Improve your athletic performance with Quercetin
Quercetin is a well-known antioxidant found in many fruits, vegetables, seeds, tea, and wine. Antioxidants help remove oxidants in the body that would otherwise react with molecules such as protein, cell membranes, lipids and DNA, damaging the cells. Oxidation is one of the body's processes that also contribute to ageing. The health benefits of Quercetin include age-related disease protection, protection against bacterial and viral infections, an anti-allergy and protection against cardiovascular diseases. This flavonoid has been the subject of many research studies, including whether it can help improve athletic performance. How can Quercetin improve your athletic performance?
What do we mean by athletic recovery and performance?
Firstly, let's look at what makes good recovery in athletes. Endurance is the strength to continue without stress, fatigue, or other conditions. The higher the endurance, the faster the recovery and reduced the chances of injury. Some of the aspects that help with recovery include:
- Stretching: increases blood flow to the muscles, providing oxygen and energy to the muscles. While also enhancing flexibility
- Hydration: during exercise, your body loses fluids through sweating to maintain body temperature. It also allows muscles to work appropriately, fighting fatigue.
- Massage: this helps enhance flexibility, decreases soreness and improves recovery.
- Anti-inflammatory medications decrease the soreness, inflammation and muscle pains before and after exercise.
This article will mainly focus on the last aspect, anti inflammatory medication while including other processes that help recovery. Quercetin is a supplement which decreases inflammation in the body. The article consists of research which shows how taking a Quercetin supplement can improve athletic performance.
Quercetin is an antioxidant
Quercetin decreases oxidative stress due to its antioxidant properties, which are needed to reduce recovery time after training. The NMN Bio’s Quercetin is combined with Vitamin C, which is also an antioxidant, providing additional benefits to the supplement and increasing Quercetin’s uptake in the body.
One cause of delayed recovery during training is partly related to oxidative stress, and, Quercetin is associated with antioxidant and anti-inflammatory properties. Quercetin acts as a scavenger for reactive oxygen species protecting against lipid peroxidation.
A group of Italian researchers studied the effectiveness of Quercetin as a means of recovery in triathletes. In this study, non-professional triathletes were recruited to take a tablet of 250 mg Quercetin supplement twice daily with breakfast and dinner. A control group was also studied, following identical training and nutritional plans. The participant’s recovery was measured using a Visual Analogue Scale, and Oxidative stress was measured by checking free radicals in the plasma.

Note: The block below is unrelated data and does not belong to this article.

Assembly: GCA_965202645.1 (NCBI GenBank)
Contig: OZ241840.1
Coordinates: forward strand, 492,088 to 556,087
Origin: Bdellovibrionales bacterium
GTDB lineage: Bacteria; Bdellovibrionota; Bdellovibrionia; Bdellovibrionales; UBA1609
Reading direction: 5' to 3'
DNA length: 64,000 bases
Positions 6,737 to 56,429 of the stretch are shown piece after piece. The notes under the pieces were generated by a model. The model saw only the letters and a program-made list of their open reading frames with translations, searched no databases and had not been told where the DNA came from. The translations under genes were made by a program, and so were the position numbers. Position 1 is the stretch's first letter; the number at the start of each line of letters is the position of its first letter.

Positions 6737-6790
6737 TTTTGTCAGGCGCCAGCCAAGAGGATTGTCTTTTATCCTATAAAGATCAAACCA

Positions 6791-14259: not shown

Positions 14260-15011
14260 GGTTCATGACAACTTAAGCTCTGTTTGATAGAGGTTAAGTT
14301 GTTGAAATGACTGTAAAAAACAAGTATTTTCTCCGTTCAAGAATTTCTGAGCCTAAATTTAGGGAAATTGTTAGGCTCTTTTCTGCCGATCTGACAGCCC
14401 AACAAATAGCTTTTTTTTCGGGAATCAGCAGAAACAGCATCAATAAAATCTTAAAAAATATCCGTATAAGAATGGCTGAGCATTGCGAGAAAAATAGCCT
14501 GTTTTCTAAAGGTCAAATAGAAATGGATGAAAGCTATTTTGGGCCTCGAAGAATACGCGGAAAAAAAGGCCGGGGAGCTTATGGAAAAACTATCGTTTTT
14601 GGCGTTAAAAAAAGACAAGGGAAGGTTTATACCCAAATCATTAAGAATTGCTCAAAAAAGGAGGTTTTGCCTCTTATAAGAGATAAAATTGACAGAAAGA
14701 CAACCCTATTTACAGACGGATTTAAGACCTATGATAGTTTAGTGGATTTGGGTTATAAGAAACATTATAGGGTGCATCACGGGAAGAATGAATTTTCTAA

The results showed that the supplement improved performance and endurance. The participants who took Quercetin reduced their time to complete the race by 10 %, improving training and reducing their pain following the training.
The participants that took Quercetin experienced reduced fatigue levels rested better, improved performance quality, and decreased oxidative stress.
Quercetin and reduction in muscle damage
Studies have shown that Quercetin reduces muscle damage and improves muscle strength by improving energy supply in the muscle cells, reducing post-exercise inflammation. It also enhances lean body mass, basal metabolic rate and energy needed for essential physical functions.
Quercetin is shown to have an antioxidant effect in muscles, contributing to better muscle recovery. Intracellular mitochondria increase when the flavonoid is consumed. Mitochondria are the cell's powerhouse, and muscle cells have specialised cell membranes (sarcolemma), which are tightly packed with these mitochondria, allowing for constant energy (ATP) supply to the muscle cells—increasing muscle strength and decreasing soreness.
In a study where 60 male athletic participants were done analysing the effects of Quercetin on their body composition, exercise performance and biomarkers. The participants were divided into four groups, each given different supplements for eight weeks while continuing their exercise and regular diets. The groups were given:
- Group 1: 500 mg Quercetin + 250 mg Vitamin C
- Group 2: 500 mg Quercetin + placebo pill
- Group 3: 500 mg Quercetin
- Group 4: 250 mg Vitamin C
The results showed that in the group taking Quercetin and vitamin C, there was a change in the lactate dehydrogenase, VO2 max, total energy expenditure, total body water and lean body mass. Lactate dehydrogenase is an enzyme that helps maintain cells' homeostasis when oxygen is absent during exercise. Other studies also showed that the non-athletic participants taking 500 mg of Quercetin supplement showed improved fatigue, VO2 max and endurance among participants compared to a control group of individuals taking a placebo.